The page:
April 07, 2014
Joyce DiDonato’s Maria Stuarda triumphs (musically) in game of thrones
“It is like being shot out of a cannon and there is no slowing down or adjusting along the way,” Joyce DiDonato reflects on her final 20 minutes of anguished yet glorious singing in Donzetti’s Maria Stuarda. On New Year’s Eve 2012, the American darling of bel canto became the first singer ever to grace the stage of the New York Metropolitan Opera in the title role, the traditional yet visually bold premiere production directed by David McVicar.
She says her character’s journey to the executioner’s block is a musical and dramatic tour de force. “Mary is certainly terrified and yet she manages to find a deep reservoir of determination and fortitude that enables her to climb to her death. She has finally found her peace.”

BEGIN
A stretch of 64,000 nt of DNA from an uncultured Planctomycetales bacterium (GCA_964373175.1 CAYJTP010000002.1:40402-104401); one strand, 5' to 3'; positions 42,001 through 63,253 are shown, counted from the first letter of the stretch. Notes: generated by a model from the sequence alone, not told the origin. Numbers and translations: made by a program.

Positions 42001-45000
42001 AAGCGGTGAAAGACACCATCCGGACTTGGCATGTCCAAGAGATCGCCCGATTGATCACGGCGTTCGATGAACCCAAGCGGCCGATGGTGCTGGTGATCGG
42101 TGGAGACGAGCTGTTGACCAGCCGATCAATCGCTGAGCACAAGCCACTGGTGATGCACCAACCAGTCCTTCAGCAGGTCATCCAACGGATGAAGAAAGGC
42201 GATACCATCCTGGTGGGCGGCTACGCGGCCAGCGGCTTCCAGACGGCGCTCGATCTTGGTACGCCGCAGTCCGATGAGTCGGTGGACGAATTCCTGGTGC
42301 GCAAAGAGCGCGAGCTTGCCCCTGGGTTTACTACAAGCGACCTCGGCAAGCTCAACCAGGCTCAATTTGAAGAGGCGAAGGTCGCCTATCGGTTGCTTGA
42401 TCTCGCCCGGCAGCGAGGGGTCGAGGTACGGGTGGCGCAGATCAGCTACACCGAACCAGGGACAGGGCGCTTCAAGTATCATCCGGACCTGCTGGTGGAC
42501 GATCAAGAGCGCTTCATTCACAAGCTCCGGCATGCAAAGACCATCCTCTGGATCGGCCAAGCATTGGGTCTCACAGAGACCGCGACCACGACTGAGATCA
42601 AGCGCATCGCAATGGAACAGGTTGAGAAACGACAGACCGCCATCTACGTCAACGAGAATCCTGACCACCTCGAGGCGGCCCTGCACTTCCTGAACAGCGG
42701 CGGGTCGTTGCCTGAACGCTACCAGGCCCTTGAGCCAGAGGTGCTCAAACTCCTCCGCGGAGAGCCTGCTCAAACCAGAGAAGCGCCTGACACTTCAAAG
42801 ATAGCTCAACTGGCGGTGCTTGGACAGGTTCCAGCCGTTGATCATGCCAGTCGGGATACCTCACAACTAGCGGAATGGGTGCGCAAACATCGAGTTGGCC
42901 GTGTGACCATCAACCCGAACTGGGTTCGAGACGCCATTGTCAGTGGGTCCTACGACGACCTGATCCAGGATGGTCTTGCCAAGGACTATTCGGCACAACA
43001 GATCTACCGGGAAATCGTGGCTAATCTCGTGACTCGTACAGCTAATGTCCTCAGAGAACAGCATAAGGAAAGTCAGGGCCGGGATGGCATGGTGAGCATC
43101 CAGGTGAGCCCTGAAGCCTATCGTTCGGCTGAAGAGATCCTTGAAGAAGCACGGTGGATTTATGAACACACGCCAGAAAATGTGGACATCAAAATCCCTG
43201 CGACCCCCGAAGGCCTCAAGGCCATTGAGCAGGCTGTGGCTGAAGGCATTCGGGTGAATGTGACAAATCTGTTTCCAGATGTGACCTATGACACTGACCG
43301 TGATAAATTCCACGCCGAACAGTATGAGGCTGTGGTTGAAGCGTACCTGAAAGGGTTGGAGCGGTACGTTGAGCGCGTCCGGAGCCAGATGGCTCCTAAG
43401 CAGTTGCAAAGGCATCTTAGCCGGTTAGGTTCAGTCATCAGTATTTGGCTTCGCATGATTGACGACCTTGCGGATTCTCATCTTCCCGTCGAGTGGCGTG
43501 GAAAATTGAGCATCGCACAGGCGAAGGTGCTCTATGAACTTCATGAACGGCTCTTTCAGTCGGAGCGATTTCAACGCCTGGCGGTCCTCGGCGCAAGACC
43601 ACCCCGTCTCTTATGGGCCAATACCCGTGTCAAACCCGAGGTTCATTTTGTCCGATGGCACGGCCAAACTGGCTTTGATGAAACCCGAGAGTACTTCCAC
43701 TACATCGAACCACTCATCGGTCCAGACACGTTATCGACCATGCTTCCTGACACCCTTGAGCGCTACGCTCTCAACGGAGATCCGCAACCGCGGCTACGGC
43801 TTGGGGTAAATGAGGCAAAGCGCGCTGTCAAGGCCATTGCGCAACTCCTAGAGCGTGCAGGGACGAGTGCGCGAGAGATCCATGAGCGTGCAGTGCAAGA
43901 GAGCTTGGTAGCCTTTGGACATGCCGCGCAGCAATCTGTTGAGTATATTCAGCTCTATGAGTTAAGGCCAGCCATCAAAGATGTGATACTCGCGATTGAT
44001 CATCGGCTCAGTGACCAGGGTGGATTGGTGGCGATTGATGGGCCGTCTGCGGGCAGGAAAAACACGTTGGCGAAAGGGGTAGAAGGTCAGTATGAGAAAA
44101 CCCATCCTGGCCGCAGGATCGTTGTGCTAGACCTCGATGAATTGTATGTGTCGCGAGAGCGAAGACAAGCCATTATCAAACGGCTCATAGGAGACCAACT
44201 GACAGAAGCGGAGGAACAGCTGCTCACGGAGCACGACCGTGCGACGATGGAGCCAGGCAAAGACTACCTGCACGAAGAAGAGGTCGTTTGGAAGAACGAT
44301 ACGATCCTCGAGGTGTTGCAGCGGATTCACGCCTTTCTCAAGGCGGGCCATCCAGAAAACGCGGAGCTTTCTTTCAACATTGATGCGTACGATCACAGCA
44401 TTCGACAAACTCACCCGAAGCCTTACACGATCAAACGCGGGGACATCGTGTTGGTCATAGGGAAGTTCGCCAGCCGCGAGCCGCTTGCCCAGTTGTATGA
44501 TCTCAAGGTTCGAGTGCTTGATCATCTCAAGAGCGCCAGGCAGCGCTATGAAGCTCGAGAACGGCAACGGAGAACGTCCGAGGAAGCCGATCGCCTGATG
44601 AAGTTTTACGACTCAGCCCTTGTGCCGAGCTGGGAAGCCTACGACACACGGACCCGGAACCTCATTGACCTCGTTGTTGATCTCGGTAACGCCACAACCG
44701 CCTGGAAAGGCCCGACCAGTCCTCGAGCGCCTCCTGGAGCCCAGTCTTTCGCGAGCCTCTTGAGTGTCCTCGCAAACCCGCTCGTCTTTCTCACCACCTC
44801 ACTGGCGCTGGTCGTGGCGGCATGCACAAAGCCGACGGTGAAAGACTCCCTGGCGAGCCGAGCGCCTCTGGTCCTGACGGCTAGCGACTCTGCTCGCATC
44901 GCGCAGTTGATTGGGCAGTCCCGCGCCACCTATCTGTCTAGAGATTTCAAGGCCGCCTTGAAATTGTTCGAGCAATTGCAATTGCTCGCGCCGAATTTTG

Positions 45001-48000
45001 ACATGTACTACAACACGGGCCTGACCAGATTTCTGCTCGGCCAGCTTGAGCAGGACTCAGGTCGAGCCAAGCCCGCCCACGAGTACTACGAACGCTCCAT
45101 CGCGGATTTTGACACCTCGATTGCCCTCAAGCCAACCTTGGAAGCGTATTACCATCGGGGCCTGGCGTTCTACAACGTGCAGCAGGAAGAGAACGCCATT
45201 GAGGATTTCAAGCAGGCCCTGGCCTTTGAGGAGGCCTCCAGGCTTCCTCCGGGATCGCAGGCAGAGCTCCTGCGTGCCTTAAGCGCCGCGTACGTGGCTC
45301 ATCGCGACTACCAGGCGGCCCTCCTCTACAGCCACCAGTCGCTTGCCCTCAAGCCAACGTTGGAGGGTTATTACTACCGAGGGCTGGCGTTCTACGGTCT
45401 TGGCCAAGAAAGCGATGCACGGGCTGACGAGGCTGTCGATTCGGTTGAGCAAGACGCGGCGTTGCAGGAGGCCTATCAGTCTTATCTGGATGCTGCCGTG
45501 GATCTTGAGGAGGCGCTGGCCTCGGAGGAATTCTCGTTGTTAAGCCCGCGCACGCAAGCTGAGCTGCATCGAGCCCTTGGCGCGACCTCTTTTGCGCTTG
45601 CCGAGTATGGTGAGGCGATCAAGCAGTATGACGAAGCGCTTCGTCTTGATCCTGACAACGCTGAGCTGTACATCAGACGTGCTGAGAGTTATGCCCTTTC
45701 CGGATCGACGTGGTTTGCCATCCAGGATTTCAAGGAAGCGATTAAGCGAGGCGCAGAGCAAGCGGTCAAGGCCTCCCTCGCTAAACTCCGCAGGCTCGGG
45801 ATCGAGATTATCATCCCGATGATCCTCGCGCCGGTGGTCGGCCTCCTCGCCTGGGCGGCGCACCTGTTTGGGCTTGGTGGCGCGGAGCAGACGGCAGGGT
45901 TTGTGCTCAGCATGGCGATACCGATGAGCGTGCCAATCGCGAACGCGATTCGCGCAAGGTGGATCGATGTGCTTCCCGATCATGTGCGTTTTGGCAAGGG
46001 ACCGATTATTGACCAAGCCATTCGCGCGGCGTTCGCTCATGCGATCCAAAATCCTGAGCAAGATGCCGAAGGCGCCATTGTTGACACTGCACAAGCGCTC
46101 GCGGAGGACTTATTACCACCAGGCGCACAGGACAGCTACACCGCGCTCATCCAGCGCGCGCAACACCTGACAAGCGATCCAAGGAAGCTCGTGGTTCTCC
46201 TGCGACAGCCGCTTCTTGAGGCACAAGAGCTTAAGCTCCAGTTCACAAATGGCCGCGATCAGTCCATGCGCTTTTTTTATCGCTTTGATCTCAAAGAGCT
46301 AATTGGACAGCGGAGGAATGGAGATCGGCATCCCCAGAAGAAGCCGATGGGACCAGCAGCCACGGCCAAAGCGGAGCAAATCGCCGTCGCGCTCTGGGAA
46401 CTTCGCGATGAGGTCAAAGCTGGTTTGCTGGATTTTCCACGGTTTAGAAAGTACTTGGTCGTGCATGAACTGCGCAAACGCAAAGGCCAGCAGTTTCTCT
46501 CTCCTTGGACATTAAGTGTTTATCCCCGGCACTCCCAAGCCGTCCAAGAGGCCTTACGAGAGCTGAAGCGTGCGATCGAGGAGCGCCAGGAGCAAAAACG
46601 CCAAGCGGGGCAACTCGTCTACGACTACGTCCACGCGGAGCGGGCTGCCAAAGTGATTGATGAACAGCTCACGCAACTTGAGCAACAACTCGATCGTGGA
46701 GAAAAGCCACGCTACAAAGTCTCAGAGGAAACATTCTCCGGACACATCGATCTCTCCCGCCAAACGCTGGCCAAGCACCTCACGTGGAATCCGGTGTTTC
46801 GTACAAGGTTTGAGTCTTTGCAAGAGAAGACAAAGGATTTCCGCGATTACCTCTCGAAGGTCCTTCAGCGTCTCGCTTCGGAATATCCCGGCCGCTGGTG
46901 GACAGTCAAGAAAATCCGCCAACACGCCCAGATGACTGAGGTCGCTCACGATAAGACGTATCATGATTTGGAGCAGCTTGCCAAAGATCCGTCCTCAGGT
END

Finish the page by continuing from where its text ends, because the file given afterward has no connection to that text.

Based on Elizabeth I’s imprisonment and condemnation of Mary Queen of Scots, a rival to the throne, Donizetti’s 1835 tragedy has everything: plotting and political intrigue, a royal love triangle and a fierce showdown between two queen divas. DiDonato says the persecuted heroine, who has been interpreted by legendary mezzos and sopranos from Maria Malibran to Joan Sutherland, “requires every element of great bel canto singing: every dynamic range, elegant coloratura, rich legato, immensely difficult phrasing, and a deep emotional palette that asks for profound expression.”
Also featuring the imposing South African soprano Elza van den Heever and vocally agile Matthew Polenzani, and with Italian maestro Maurizio Benini at the podium, this performance from January 19, 2013 was broadcast in high definition to cinemas around the world.
“To have brought this character to life at the Metropolitan Opera for the first time in its history is an incredible privilege,” DiDonato enthuses. “The task of creating this very real, noble, and passionately proud character through the voice alone is one of the greatest experiences of my career to date.”